I am a fan of Firefly, the ill-fated 2002 Fox TV space-western, and its theatrical follow-on, Serenity. It is the closest thing I have seen in visual media to the pencil-and-paper roleplaying game Traveller, about which I have written in other posts. As one Traveller player put it on a discussion board long ago, "Nothing says Traveller like shotguns in space!"
Another reason why I enjoyed Firefly was the inclusion of a Christian character in Shepherd Book. Now, the show didn't last long enough to delve into the particulars of Book's denominational background or his theology, but the simple fact that the 'Verse was presented as still having an active, viable place for religion was a surprising change from some other TV sci-fi shows I could mention, and from literary sci-fi as well. I have read a lot of 'classic' sci-fi books, from the fifties and sixties, including Asimov, Heinlein, Piper and Niven. In their works, religion was often a feature of the universe, almost never the subject of the story, but religious images and people were present, and accepted as being consistent with the existence of space ships and ray guns and supercomputers. It seems to me that by the 80's and 90's and beyond, religion had largely been drummed out of sci-fi; the two biggest influences, Star Trek and Star Wars, having only vague awareness of organized religions, and then only as 'quaint native curiosities' to be 'enlightened' by the god Science.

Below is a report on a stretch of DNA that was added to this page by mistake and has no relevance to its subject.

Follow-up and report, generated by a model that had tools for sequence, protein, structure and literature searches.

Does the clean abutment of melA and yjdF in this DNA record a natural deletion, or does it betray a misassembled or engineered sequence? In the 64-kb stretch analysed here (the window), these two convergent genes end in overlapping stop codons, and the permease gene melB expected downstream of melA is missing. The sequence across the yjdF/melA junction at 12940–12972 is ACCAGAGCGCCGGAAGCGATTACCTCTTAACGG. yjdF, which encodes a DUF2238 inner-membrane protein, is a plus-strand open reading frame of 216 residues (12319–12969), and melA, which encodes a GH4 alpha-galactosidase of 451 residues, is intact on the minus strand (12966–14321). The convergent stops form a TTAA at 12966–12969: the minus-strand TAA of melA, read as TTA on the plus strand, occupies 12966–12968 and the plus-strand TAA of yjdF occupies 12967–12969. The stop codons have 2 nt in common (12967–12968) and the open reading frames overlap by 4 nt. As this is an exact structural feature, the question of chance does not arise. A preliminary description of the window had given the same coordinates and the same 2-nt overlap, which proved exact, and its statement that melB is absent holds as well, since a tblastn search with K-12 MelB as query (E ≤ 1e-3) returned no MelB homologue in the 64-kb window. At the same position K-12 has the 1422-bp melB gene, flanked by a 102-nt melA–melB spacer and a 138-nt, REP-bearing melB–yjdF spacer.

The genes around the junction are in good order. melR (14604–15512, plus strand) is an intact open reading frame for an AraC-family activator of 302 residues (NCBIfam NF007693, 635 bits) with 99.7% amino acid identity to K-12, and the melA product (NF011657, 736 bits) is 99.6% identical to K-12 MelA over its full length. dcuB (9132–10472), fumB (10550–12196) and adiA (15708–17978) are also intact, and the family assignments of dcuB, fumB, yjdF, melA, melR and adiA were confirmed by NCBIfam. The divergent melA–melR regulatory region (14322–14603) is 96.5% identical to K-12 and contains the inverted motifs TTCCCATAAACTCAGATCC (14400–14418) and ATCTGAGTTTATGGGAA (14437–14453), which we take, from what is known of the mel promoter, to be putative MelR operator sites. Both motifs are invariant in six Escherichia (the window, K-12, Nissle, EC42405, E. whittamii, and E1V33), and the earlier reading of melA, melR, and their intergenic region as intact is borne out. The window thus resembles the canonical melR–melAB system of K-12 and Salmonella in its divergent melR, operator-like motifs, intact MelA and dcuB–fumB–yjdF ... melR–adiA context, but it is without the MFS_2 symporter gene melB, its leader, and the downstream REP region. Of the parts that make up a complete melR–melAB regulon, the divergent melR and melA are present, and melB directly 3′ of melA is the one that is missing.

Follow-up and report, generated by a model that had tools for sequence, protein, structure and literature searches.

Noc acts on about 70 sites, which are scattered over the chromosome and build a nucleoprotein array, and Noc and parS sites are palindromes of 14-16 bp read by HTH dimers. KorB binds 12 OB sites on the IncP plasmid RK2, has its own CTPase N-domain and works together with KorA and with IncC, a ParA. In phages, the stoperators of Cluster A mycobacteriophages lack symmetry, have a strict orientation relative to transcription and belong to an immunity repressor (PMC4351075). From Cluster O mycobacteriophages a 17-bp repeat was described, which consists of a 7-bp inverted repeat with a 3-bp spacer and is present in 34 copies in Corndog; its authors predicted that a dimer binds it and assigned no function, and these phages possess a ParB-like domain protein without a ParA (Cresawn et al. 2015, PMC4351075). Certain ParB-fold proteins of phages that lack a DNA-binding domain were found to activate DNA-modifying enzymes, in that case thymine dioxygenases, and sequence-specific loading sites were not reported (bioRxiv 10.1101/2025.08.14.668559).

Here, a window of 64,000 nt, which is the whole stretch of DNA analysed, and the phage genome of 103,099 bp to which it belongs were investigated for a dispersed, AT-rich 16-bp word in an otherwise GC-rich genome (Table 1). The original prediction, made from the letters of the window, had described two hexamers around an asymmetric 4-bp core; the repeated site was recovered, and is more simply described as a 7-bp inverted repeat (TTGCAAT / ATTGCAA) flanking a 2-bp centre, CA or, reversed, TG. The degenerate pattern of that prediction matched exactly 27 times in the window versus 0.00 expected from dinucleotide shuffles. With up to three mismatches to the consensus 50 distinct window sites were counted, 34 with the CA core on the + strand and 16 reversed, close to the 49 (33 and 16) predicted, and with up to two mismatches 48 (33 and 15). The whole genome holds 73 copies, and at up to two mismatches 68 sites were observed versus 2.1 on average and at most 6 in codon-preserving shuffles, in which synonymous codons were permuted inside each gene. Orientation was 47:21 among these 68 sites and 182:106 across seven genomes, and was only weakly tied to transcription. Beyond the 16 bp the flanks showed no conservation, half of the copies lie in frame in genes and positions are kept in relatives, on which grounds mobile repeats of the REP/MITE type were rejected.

Firefly's presenting a regular character of the show as being devoutly religious (Book), and the main character (Malcolm Reynolds) as conflicted by his faith which was crushed by disappointment was unusual, and engaging.
So, as I was listening today to Ancient Faith Radio, I came upon this short podcast, The Theology of Firefly. Browncoats, listen and learn!